Slain Ruto poll experts: Eight police officers to be detained for 21 days

From left: John Mwendwa Mbaya, David Chepcheng Kipsoi, Stephen Luseno Matunda, Paul Njogu Muriithi and Simon Gikonyo when they appeared at Kahawa Law Courts over alleged murder of two Indians and their taxi driver.

Photo credit: Simon Ciuri I Nation MedIa Group

A Kiambu court on Thursday allowed the detention of eight out of nine police officers linked to the suspected murder of two Indians and their Kenyan driver

The eight suspects will be detained for 21 days. 

One of the suspects was granted Sh500,000 bond. 

The prosecution wants the nine kept behind bars for 30 days as investigations into their alleged role in the suspected murders continues.

The state, through a miscellaneous application filed at Kahawa Law Courts before chief magistrate Diana Mochache, argued that more time is needed to subject the suspects to a DNA test as well as probing their confiscated mobile phones.  

Ms Mochache said that given how bulky the document filed as replying affidavit by defence is, there was need for more time to prepare a detailed replying affidavit to that effect.

"The prosecution team has argued and proved that they were served with a replying affidavit to their miscellaneous application this morning inside the court and it would be unfair in pursuit of justice to deny them more days to file a replying affidavit to that effect. I therefore grant them three more days instead of seven,"’ Ms Mochache ruled.

Earlier in his submission, Mr Danstan Omari who is the lead counsel for the accused, had argued  in his submissions that if the prosecution team was granted more days to file, it would also be  fair for the accused to be released on a favourable cash bail or bond, but the court did not agree. 

Police allege that the nine are linked to the murders of the three at Aberdare forest. The officers are Peter Muthee Gachiku, Francis Muendo Ndonye, John Mwangi Kamau, Joseph Kamau Mbugua, John Mwendwa Mbaya, David Chepcheng Kipsoi, Stephen Luseno Matunda, Paul Njogu Muriithi, and Simon Gikonyo — formerly attached to the now-disbanded Special Service Unit.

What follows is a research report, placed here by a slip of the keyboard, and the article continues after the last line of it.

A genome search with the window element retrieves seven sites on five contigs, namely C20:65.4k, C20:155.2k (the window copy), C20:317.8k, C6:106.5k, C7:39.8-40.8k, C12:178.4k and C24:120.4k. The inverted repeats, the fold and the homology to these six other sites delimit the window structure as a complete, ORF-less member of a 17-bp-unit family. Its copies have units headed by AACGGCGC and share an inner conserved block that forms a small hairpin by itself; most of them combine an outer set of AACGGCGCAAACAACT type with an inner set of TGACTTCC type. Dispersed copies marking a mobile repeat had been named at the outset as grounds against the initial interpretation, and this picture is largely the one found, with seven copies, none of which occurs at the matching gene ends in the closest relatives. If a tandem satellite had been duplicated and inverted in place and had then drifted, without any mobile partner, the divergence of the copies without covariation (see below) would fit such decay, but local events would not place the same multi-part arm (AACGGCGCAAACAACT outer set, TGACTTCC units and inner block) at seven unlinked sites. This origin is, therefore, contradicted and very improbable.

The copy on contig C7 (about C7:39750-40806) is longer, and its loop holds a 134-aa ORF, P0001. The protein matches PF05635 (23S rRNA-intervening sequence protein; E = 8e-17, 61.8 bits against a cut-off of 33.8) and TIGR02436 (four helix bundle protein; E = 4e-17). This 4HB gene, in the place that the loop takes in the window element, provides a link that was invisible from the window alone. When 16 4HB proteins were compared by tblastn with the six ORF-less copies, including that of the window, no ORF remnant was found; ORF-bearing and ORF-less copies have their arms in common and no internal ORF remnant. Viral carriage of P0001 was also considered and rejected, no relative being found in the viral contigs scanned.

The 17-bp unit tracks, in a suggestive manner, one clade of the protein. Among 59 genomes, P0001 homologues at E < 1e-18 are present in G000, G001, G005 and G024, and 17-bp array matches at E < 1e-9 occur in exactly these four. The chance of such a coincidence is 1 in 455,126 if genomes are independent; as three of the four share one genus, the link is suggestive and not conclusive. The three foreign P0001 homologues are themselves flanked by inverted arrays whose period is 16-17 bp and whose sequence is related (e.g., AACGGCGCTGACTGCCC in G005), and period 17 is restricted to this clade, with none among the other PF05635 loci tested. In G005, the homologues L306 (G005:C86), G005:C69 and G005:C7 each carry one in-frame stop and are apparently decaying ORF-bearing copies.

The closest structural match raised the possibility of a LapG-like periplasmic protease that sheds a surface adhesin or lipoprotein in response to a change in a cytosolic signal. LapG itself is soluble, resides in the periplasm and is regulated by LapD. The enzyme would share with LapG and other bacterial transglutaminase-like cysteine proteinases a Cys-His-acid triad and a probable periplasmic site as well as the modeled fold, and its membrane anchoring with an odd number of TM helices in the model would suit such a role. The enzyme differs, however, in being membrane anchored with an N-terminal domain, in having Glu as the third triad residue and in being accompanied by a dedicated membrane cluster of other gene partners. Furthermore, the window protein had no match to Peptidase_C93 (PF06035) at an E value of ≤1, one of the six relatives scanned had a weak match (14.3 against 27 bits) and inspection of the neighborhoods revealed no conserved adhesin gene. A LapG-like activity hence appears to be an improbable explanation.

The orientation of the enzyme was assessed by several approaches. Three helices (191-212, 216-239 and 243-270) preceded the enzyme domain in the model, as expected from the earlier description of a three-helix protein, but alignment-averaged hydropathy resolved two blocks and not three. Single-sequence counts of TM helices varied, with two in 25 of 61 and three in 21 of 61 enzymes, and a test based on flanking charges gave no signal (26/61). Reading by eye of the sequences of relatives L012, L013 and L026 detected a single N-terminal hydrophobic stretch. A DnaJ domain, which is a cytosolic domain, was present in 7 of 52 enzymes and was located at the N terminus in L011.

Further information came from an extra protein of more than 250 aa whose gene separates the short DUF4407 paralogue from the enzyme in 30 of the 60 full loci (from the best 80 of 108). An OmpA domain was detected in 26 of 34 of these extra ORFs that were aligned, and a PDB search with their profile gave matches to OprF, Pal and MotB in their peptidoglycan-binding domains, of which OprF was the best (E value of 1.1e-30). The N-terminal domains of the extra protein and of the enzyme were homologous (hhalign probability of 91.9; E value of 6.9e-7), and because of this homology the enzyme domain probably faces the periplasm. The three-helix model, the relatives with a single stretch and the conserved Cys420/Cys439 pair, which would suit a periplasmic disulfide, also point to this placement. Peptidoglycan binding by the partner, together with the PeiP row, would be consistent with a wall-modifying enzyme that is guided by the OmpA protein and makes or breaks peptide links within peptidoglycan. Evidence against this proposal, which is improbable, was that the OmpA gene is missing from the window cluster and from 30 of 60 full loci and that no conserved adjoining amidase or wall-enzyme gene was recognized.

They are accused of killing two Indians -- Mohammed Said Sami and Zulfiqar Ahmad Khan, and their local taxi driver, Nicodemus Mwania. The two, who went missing in July, were in Kenya to join President William Ruto’s campaign team as IT experts. 

President Ruto has accused the disbanded police unit of extrajudicial killings and enforced disappearances.

Dennis Itumbi, a close ally of President Ruto, recently said they contributed immensely to the success of Dr Ruto’s campaign.

Their bodies, including that of Mr Mwania, have never been found, though bones recently recovered from Aberdare Forest are believed to be theirs.

How they disappeared

Zulfiqar Khan, Mohamed Zaid and taxi driver Nicodemus Mwania were last seen leaving a club in Westlands after a night of partying on July 23. 

In a court session last week, the investigating officer, Michael Kirui, attached to the National Police Service, told the court that the two Indians and their driver were marked men and it was just a matter of when they would be killed.

He did not explain the motive for the alleged murders but expounded on an alleged killer squad that was always ready to pull the trigger. He said it worked closely with other rogue elements within the Directorate of Criminal Investigations (DCI).

Police said they relied on call data records, which revealed that the accused officers were in constant communication with each other as they planned to execute the murders.